Alice Ready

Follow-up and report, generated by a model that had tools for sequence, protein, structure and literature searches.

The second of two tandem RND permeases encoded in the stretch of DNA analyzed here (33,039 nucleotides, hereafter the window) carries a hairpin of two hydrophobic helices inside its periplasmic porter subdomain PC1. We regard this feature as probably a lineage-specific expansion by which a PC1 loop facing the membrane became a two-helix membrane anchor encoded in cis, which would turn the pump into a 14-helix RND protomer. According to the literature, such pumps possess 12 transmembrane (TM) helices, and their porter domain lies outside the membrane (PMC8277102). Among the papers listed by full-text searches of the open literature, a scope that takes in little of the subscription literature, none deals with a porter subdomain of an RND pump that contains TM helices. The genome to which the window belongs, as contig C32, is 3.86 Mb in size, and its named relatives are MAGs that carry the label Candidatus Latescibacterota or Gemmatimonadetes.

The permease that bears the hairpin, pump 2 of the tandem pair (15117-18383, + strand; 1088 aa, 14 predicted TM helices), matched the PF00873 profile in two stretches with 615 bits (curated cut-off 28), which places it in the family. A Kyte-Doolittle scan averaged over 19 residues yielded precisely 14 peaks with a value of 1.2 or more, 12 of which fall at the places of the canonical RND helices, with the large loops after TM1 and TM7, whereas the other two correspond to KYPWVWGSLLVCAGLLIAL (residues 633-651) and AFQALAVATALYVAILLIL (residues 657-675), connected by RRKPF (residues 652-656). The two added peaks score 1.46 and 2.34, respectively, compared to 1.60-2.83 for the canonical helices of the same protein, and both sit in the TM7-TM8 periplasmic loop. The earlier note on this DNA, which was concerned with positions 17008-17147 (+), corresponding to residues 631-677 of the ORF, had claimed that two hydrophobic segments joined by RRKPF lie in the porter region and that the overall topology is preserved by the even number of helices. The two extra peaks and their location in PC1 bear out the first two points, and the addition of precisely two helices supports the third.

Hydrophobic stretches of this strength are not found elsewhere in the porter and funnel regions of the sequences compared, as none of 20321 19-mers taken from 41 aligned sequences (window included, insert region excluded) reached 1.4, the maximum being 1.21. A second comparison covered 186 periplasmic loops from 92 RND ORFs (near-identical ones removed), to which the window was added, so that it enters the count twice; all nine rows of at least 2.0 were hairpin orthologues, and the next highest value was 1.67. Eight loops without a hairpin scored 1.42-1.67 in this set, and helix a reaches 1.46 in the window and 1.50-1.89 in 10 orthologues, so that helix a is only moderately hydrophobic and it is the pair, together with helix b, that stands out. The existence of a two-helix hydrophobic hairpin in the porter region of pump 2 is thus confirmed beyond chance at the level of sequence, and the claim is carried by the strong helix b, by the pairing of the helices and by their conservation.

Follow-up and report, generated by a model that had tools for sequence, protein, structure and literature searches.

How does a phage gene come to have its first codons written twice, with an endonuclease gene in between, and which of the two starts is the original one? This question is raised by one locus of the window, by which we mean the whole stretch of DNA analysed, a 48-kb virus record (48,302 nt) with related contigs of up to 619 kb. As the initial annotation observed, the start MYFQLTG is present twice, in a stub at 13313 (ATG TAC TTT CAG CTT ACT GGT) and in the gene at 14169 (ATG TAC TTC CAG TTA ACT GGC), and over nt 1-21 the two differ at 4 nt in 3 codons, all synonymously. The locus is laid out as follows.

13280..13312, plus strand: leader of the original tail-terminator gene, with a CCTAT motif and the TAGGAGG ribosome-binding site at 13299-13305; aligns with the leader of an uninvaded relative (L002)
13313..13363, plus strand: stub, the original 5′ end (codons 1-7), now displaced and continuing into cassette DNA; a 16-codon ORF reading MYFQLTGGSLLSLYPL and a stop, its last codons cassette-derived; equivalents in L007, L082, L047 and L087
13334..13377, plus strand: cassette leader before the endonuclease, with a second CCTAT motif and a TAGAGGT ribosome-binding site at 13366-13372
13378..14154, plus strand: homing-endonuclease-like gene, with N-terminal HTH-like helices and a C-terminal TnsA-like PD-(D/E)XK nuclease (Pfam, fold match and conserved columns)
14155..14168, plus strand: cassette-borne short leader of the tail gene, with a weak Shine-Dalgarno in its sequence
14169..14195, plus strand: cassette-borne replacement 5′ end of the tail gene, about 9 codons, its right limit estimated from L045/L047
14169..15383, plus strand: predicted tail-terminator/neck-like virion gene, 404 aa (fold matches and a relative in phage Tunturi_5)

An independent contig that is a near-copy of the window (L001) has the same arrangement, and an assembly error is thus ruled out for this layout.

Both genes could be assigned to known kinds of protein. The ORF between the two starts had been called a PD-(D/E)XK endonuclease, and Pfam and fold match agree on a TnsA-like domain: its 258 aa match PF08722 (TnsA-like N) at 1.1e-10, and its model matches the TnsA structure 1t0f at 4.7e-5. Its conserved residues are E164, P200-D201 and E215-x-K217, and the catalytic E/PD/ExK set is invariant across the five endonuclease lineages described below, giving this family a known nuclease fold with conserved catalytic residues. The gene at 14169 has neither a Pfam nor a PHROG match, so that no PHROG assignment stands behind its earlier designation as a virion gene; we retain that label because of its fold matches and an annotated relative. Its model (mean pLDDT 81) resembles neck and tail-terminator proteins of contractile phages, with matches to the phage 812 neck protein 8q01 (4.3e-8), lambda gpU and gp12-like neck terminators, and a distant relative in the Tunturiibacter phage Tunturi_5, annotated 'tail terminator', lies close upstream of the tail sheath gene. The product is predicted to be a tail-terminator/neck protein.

Murfreesboro resident Alice Ready (1842-1890) kept a journal during the early years of the Civil War. An ardent supporter of the Confederacy, Ready despaired over the fall of Nashville and the Union occupation of Murfreesboro. Her diary contains vivid descriptions of officers and soldiers on both sides of the conflict, as well as heartfelt expressions of the powerlessness she felt over being a woman during wartime. The daughter of Martha Alvord Strong Ready and Charles Ready, Jr., Alice was a well-educated 18-year-old when the war began. She had attended the well-respected Patapsco Female Institute in Ellicott Mills, Maryland. Her father, a lawyer, judge, and former mayor of Murfreesboro, served as a United States Congressman from 1853-1858. Her brother, Horace, served in the Army of Tennessee. Alice wrote briefly about wartime developments in the summer of 1861 and recorded events more thoroughly in the spring of 1862. She lamented the Confederate surrender of Fort Donelson and criticized Gen. Albert Sydney Johnston’s leadership. She expressed a desire to be a man so she could fight. In February-March 1862, when the Army of Tennessee stayed in Murfreesboro for a few weeks, Ready assisted the Confederate war effort. With her sister, Martha (Mattie) Ready, she visited sick soldiers at the hospital and brought food. Alice filled in as a clerk for Gen. William Hardee, whom she much admired. When the troops prepared to leave, Alice and her mother packed provisions for them. Alice described visits to her family’s home from Captain John Hunt Morgan, who later married Mattie Ready. Alice was distressed over the arrival of Union forces in Murfreesboro in March 1862 and adamantly refused to meet Union officers who called on her father. She declared that she was “a greater rebel than ever before” after occupation and claimed that other residents agreed. Alice chronicled the beginnings of the end of slavery in Murfreesboro; some of her family’s slaves were among those who fled during Union occupation. Her diary ends at the end of April 1862, shortly after her father was arrested for refusing to take the oath of allegiance.